''Brother Russia'' at Signature Theatre
While 1776 celebrates the Declaration of Independence at Ford's Theatre, revolution is brewing at Signature Theatre, too, in the world premiere of the musical Brother Russia. Composer Dana Rowe and lyricist-librettist John Dempsey, previously showcased at Signature with The Fix and The Witches of Eastwick, have turned their attention to Rasputin, the mystic who was an influential adviser in the waning days of Tsar Nicholas II's rule before communism's rise.
Director Eric Schaeffer and his design team – including Misha Kachman (set), Kathleen Geldard (costumes) and Colin K. Bills (lighting) – have crafted a compelling environment, sort of a Slavic punk realm in which a ragtag theater troupe puts on a show about Rasputin, whom their leader, Brother Russia (John Lescault), claims to be. And August Eriksmoen's orchestrations make a compelling case for much of the rock-driven score, which is performed with gusto and, in the case of Doug Kreeger (as Rasputin) and Natascia Diaz (as Princess Anastasia), downright brilliance.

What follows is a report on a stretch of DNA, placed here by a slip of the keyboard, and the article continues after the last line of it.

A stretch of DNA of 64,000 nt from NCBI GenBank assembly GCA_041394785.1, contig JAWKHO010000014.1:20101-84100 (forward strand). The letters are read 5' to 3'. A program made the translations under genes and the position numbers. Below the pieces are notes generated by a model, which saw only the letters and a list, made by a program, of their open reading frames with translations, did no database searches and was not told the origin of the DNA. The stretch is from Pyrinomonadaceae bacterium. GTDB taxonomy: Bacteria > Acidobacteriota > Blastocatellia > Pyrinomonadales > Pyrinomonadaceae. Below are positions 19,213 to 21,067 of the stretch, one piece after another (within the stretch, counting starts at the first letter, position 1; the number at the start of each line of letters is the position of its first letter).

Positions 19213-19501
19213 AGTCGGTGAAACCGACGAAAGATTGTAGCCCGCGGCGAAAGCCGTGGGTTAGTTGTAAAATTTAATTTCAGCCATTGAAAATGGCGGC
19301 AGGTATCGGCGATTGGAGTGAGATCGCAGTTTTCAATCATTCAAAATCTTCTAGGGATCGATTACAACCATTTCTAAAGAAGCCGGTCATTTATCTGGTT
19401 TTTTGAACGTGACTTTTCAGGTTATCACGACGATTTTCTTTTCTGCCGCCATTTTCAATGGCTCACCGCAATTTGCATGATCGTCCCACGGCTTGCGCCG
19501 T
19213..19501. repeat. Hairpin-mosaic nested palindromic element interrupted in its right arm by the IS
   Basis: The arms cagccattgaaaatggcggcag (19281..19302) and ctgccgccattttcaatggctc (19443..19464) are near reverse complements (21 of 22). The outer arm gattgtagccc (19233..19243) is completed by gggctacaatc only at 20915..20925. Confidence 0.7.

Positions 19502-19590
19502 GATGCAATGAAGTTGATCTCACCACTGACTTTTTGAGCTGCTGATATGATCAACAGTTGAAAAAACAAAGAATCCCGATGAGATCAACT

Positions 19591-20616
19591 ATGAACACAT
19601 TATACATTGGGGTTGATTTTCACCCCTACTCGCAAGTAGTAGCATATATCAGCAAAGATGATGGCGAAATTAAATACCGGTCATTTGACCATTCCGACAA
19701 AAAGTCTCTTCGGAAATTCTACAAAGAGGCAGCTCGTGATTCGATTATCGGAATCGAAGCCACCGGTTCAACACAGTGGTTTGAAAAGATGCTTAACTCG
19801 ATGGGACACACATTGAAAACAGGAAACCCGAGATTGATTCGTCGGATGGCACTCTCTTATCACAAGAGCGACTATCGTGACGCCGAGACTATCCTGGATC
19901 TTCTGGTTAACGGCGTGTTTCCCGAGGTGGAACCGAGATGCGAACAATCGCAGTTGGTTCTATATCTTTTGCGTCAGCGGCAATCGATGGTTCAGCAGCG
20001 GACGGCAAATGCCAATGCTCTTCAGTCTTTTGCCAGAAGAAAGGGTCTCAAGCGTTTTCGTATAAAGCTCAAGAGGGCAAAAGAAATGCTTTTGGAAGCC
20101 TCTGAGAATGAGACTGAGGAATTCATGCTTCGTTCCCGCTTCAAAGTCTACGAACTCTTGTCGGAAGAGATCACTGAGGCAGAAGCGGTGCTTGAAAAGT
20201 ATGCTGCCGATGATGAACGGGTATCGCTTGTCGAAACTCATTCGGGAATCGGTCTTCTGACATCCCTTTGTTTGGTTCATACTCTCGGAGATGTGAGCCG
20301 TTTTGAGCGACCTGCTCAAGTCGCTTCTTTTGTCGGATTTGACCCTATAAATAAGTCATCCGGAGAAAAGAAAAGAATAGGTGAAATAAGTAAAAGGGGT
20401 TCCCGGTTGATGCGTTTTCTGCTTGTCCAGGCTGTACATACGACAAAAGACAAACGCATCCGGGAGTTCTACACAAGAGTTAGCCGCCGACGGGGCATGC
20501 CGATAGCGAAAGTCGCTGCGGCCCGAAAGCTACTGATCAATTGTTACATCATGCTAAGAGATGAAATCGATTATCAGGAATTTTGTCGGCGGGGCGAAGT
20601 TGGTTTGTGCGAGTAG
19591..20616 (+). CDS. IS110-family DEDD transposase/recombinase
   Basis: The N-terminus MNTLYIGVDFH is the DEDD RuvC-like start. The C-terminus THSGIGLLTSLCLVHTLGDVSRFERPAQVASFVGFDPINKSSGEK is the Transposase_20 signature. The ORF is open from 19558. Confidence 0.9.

A promising first act yields to a shakier second, which feels padded out with formulaic, uninspired fare such as ''Vodka'' (all about… no, I'll let you guess) and ''The Great War,'' as well as a stream of angsty anthems that become increasingly hard to tell apart. The show culminates in an overlong, bloated speech by Brother Russia about the power, relevance and necessity of theater. The thing is, brother, when that's your message to people who've bothered to come to the theater in the first place, you're preaching to the choir in a most unnecessary way.